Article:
Combos, extensive (and satisfying) juggles, button inputs, and special moves share a similar tempo to that of Mortal Kombat, but, despite sharing the same developer, Injustice offers a suite of changes not seen in the bloodier franchise. Environments are no longer pretty locales to beat the opposition down in; they are now part of the fight. Hitting a shoulder button allows the player to interact with a feature in the background, but most of it feels unfair. Nearly all actions that involve the background are unblockable, nigh unavoidable projectiles that feel far too cheap for their own good. Allowing these uber-powerful moves to be unblockable would negate most issues associate with this feature.
Environment transitions are far more fair and are much more visually pleasing. Corner an opponent into a specific side of the arena sets them up for a greater beating via a transition. Pressing back and the heavy attack buttons, fighters can be launched through one part of the arena into a whole separate one. A devastating move in a gameplay context, transitions not only deal damage but unveil yet another layer of each locale. Each of the ludicrously over-the-top short cutscenes accompanying each transit offers a level of ridiculousness that is pleasing to see every time.
Another change NetherRealm offers is the Clash system one which, like its name, conjures up conflicting ideals. The clash serves is analogous to MK‘s Breaker move, interrupting a juggle combo when activated correctly. When initiated, players wager varying amounts of their super meter and rewards the top bidder with a health boost or deals damage to the opponent, which is dependent on who initiated the Clash. To some it may offer some underlying set of strategy, but it ends up feeling like a cheap way to extend the match and overly punish players who utilize their super meter. I found myself hoarding my super meter in fear that I’d lose a wager if I were to expend any of it on special attacks.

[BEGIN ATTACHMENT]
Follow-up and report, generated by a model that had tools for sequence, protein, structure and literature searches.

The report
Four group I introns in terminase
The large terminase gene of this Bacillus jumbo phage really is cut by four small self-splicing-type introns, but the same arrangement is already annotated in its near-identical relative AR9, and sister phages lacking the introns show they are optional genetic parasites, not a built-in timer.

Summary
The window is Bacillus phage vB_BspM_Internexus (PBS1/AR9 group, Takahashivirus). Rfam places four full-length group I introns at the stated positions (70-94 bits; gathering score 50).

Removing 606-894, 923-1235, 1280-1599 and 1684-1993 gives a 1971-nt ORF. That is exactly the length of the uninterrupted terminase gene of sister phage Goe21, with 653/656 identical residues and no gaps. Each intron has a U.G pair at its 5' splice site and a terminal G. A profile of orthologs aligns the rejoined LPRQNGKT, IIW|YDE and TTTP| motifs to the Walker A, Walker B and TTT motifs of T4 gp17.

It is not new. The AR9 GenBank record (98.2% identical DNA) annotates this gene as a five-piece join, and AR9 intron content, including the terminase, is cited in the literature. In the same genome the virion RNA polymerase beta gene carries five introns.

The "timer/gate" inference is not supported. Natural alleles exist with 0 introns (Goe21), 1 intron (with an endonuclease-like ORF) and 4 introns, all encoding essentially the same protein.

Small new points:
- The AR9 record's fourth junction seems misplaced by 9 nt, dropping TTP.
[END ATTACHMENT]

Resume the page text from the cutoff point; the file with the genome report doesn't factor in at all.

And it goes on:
Fighting games are rightfully judged on their roster, an aspect that Injustice does a respectable job in. Batman may be represented more than any other part of DC’s pantheon, but the stable is a well-rounded list of their most known faces. More importantly, they play differently from each other and have their own reason to exist from a gameplay perspective. Differentiation is further perpetuated by the character ability, which gives the fighter a wholly unique power that can be utilized to perfect a certain member of the cast.
Like Mortal Kombat, Injustice is rife with modes and extra activities to do. Besides the usual suite of modes of multiplayer and single player, the Battles modes holds a different ways to take on opponents. It isn’t game changing, but the added modifiers a la Test Your Luck put a unique spin on the traditional fighting. The Challenge Tower also returns in the form of S.T.A.R. Lab missions that toss different stupid mini-games at you at almost every turn. Although silly and dumb, these wacky challenges extend playtime in an unthorodox method. Add in the economic system that unlocks different special goodies and Injustice becomes a game of hefty value with a lengthy to-do list.
Injustice: Gods Among Us adheres to a certain blueprint but it is one worth following. NetherRealm’s expertise in the genre shows in Injustice‘s quality story mode, deep fighting mechanics, and girth of extra modes. It may not be as groundbreaking as Mortal Kombat, but Injustice demands attention from those seeking a fighting game or those just really interested in DC. Injustice shows that breaking down MKvDC in halves was the better option.
+Deep, fluid combat system worthy of people of multiple skill levels
+Plenty of modes, content, characters, and unlocks
+Story mode flows well and is a good mash up of heroes and villains
-Environmental attacks are unblockable, thus feeling unfair
-Interdimensional story can be a little hard to follow at times